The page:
Netflix sees DVD-by-mail peak in as soon as 5 years

SAN FRANCISCO Wed May 28, 2008 12:51pm EDT

Reed Hastings, CEO of Netflix Inc., a online DVD-rental service, holds several DVD's as he poses at the Netflix offices in Beverly Hills, California December 8, 2005. Hastings, chief executive of Netflix Inc, said he expects the company to hit 10 million subscribers by next year, but that the DVD by-mail business will peak in the next five years. REUTERS/Fred Prouser

Reed Hastings, CEO of Netflix Inc., a online DVD-rental service, holds several DVD's as he poses at the Netflix offices in Beverly Hills, California December 8, 2005. Hastings, chief executive of Netflix Inc, said he expects the company to hit 10 million subscribers by next year, but that the DVD by-mail business will peak in the next five years.

Credit: Reuters/Fred Prouser

SAN FRANCISCO (Reuters) - Reed Hastings, chief executive of Netflix Inc, said he expects the company to have 10 million subscribers by next year, but the DVD-by-mail business will peak in as soon as five years.

"We think the by-mail business is very strong but will probably peak in the next five years," said Hastings at the Netflix Investor Day in San Francisco on Wednesday. A slide at the presentation showed the peak in five to 10 years.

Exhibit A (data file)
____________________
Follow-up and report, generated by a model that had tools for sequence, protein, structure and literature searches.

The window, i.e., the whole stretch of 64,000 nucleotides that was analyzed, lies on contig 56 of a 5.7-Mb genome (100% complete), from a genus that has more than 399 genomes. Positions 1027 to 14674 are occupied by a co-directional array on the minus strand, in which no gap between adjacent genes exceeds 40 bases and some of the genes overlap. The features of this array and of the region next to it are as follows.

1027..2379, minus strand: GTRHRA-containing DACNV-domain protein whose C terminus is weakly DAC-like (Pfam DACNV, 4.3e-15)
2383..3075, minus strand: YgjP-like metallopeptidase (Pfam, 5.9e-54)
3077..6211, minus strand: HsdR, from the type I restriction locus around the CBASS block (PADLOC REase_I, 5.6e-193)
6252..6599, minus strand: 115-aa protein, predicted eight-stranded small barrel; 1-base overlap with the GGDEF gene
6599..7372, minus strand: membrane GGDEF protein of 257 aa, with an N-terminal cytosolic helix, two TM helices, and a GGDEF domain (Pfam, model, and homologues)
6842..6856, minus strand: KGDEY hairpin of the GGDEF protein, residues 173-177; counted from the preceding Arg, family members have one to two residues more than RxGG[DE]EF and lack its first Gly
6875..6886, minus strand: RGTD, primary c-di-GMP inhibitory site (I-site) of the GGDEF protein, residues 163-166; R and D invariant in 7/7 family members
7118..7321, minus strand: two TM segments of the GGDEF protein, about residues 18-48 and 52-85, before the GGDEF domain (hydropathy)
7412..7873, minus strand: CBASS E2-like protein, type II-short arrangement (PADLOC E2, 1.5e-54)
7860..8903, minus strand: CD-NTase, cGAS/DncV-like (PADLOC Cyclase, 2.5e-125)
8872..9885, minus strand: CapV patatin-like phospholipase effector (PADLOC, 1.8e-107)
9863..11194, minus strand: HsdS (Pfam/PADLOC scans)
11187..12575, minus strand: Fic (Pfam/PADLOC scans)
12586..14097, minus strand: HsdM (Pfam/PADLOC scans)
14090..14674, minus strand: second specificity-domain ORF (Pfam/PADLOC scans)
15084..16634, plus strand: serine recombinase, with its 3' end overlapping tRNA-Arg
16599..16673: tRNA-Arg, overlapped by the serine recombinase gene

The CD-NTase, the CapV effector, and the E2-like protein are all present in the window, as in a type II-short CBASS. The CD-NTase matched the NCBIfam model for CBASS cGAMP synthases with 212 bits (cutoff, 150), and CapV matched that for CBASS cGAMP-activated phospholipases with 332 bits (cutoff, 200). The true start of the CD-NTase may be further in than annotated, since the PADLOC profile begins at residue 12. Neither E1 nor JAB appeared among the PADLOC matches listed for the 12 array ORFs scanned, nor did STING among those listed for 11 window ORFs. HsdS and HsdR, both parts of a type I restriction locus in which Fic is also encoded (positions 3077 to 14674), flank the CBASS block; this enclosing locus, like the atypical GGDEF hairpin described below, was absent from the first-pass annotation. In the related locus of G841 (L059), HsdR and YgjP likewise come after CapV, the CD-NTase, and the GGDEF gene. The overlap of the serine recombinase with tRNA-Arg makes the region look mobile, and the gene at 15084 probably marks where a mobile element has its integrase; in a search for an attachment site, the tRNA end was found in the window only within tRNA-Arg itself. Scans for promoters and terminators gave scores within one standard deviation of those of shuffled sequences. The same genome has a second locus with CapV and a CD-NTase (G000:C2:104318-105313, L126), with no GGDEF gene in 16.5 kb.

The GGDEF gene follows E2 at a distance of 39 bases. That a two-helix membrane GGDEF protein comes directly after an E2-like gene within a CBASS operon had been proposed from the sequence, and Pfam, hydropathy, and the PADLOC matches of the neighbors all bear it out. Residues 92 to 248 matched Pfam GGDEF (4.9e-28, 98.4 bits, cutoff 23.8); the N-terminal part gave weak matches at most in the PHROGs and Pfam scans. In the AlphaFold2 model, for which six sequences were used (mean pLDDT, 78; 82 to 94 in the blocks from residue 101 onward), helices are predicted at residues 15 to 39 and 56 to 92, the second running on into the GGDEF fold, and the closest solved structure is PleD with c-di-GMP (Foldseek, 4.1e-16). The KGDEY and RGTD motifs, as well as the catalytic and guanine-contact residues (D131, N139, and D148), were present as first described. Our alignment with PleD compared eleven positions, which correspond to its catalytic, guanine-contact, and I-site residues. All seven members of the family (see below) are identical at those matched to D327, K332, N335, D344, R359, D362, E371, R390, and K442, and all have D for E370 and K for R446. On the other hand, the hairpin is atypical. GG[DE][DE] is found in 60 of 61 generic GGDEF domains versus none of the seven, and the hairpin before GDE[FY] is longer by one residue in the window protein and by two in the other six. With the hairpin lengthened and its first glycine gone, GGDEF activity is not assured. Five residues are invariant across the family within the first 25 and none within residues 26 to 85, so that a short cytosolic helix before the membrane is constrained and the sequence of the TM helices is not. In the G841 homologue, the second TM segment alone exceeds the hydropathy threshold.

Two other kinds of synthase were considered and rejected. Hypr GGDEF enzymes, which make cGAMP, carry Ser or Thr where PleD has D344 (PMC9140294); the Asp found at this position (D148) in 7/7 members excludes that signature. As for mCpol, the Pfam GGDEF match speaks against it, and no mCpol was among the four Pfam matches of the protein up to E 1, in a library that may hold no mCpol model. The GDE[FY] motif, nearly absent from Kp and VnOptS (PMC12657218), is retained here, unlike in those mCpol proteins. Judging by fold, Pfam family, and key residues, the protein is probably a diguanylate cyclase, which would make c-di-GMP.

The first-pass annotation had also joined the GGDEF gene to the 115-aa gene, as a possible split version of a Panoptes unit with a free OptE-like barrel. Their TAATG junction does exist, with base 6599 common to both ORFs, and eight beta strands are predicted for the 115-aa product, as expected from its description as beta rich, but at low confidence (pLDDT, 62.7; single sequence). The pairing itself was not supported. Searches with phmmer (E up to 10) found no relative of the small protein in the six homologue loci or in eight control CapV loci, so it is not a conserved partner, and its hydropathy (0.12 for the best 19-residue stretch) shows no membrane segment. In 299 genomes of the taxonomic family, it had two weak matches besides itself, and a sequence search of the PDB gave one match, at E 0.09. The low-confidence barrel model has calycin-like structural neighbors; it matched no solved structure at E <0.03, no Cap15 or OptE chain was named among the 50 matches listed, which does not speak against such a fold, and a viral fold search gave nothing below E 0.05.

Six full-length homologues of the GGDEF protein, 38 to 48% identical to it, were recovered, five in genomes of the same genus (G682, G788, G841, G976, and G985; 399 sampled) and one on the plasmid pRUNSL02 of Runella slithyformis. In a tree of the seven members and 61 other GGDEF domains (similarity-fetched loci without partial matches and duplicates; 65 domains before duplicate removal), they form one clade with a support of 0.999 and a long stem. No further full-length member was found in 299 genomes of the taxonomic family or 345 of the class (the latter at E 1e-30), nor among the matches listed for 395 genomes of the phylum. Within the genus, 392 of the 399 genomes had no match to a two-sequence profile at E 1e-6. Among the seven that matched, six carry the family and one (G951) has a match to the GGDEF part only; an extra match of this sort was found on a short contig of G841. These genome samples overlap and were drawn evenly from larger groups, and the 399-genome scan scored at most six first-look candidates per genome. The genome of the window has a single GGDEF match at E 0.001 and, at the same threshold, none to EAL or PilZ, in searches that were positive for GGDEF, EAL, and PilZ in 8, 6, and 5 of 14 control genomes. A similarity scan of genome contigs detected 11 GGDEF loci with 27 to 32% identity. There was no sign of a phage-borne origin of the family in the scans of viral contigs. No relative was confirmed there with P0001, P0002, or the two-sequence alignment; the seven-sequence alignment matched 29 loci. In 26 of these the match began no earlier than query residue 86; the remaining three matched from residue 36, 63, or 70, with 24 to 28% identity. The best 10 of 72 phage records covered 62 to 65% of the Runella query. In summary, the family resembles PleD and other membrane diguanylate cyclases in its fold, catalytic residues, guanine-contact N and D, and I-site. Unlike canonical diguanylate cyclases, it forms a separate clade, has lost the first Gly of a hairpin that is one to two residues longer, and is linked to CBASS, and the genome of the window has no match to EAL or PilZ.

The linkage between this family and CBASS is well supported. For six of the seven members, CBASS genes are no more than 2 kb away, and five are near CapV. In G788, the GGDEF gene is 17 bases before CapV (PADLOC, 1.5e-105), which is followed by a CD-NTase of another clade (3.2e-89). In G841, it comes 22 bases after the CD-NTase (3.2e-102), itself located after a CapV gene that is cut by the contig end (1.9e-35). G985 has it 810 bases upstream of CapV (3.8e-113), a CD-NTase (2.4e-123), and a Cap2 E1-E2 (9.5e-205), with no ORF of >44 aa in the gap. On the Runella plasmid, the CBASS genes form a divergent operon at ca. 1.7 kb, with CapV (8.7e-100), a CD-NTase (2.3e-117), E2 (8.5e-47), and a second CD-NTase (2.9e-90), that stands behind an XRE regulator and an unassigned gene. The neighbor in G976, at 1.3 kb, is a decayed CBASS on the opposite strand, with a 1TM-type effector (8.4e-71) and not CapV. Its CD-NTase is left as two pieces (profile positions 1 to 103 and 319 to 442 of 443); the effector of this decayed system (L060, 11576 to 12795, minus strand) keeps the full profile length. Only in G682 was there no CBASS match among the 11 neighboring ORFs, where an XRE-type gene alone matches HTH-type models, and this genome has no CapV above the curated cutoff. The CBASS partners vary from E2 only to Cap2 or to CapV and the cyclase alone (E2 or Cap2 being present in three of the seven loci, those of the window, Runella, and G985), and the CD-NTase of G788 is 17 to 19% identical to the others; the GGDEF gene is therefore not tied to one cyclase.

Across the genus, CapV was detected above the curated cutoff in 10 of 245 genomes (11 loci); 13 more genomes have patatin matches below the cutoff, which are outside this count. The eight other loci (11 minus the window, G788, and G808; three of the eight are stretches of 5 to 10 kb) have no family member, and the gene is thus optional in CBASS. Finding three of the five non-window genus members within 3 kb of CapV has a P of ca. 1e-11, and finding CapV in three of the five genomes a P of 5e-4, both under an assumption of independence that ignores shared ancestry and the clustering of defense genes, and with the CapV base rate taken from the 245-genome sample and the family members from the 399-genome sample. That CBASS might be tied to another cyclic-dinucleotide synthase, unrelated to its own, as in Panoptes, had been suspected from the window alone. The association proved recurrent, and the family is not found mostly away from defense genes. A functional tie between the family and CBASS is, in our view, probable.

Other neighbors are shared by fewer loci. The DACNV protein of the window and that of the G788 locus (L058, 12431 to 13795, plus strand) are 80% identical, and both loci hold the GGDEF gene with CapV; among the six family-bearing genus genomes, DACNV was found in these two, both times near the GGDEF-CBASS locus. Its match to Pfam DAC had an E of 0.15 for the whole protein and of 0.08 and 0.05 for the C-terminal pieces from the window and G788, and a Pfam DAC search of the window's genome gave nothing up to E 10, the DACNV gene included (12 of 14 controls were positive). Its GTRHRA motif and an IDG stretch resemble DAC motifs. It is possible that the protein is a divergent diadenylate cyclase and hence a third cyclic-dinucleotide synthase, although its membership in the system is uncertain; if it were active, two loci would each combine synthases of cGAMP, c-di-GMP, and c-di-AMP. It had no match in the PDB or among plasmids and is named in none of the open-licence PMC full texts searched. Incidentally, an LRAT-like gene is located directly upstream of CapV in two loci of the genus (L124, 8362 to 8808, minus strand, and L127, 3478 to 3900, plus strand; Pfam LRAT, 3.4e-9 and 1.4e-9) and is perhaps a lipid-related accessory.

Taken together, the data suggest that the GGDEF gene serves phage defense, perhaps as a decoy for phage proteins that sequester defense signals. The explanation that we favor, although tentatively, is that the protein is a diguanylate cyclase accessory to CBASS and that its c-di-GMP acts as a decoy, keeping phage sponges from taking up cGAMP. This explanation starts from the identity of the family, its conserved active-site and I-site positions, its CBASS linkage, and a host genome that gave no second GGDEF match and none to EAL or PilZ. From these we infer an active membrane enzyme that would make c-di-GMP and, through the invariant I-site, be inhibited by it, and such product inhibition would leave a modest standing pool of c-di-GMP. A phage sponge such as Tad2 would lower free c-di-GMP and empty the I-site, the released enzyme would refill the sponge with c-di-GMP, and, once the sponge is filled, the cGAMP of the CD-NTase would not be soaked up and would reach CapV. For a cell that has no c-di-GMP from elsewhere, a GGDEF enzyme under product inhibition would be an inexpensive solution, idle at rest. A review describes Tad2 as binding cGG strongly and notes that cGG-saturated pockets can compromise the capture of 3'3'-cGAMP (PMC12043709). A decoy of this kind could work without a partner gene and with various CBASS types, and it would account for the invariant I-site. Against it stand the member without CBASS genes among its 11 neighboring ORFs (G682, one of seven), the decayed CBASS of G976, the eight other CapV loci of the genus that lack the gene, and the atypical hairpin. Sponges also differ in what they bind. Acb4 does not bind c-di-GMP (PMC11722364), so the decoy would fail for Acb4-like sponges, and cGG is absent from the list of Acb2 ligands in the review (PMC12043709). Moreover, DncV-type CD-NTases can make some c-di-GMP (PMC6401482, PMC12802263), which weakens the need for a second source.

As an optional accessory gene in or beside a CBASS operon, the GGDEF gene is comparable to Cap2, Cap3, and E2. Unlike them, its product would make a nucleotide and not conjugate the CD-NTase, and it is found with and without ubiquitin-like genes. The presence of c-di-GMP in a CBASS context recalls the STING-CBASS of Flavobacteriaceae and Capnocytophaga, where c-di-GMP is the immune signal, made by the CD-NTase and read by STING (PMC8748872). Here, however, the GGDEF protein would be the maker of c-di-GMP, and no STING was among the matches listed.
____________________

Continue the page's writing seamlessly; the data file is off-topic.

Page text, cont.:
"Our key challenge is growing earnings per share and subscribers while funding streaming (online video) which should give us years of subscriber and earnings expansion," he told analysts.

Hastings told investors that the company's online investment in 2008 and 2009 is expected to be "fairly inefficient," but noted the reason for higher spending was to cultivate better partnerships and content.

He cited as risks the growing popularity of stand-alone DVD rental kiosks, improving video-on-demand services from cable and satellite companies and more competition in streaming from Web giants like Amazon.com Inc and Apple Inc and the potential of renewed promotional spending by Blockbuster Inc in the by-mail sector.

But Hastings and other company executives were bullish on the company's long-term position given its successful expansion into the streaming DVD market.

"Once we're in streaming ... we can attract well beyond 20 million subscribers worldwide," he said.

(Reporting by Sue Zeidler, editing by Jeffrey Benkoe, Phil Berlowitz)